What a brilliant way to start December. A downhill race at the Forest of Dean, with a sweet track, dry conditions and 27 girls entered!
Mini Downhill is a scaled down version of the epic races that some of the big names in MTB ride in the UCI DH World Cup Series. Shorter, and less technical, they are accessible to riders with a range of abilities and the marked-out courses are a mixture of rock, rooty sections and flowing corners. They’re all designed to be a lot of fun to ride!
The Mini Downhill Series is organised by Chris Roberts of Naked Racing. If the name’s familiar, that’s because he’s the guy that also sets up Mini Enduro, British 4X and many other races. The events are well organised and run smoothly, always keeping the 300 odd competitors happy.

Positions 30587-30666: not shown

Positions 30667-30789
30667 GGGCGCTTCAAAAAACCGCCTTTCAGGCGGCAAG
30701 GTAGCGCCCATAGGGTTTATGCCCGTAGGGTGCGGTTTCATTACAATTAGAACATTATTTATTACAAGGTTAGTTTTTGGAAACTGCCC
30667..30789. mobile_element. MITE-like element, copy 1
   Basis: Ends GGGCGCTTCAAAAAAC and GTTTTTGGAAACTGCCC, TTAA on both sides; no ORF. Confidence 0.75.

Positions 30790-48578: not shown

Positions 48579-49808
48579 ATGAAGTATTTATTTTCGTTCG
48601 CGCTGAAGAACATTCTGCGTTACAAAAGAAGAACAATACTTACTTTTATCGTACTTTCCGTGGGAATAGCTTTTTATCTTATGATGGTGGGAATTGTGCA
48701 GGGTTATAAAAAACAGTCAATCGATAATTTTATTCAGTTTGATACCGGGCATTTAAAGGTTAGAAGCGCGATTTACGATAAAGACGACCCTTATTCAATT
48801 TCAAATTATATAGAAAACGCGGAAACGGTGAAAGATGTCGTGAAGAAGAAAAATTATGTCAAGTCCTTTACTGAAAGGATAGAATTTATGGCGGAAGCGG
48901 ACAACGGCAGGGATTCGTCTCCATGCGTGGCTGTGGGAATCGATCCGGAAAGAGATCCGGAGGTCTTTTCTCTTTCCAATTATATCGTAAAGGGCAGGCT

Mini DH events usually take place over a Saturday and Sunday, with an open practice on the course on Saturday, and bit more practice on Sunday morning and the races themselves kicking off around midday. In some big races you might have a qualifying or seeding run, but in all others you just have two timed race runs.
Each rider is given a start time for their first race run. Once these are all completed, riders are usually re-organised from slowest to fastest, with the quickest rider going last, for the final race run.
You will complete the two race runs, with your slowest time disregarded so it’s simply your fastest time that counts. The fastest person over all wins the event.
One of the great things about the Mini DH events is that the practice on the Saturday often includes a track walk just for the girls, led by 4X world champion Katy Curd.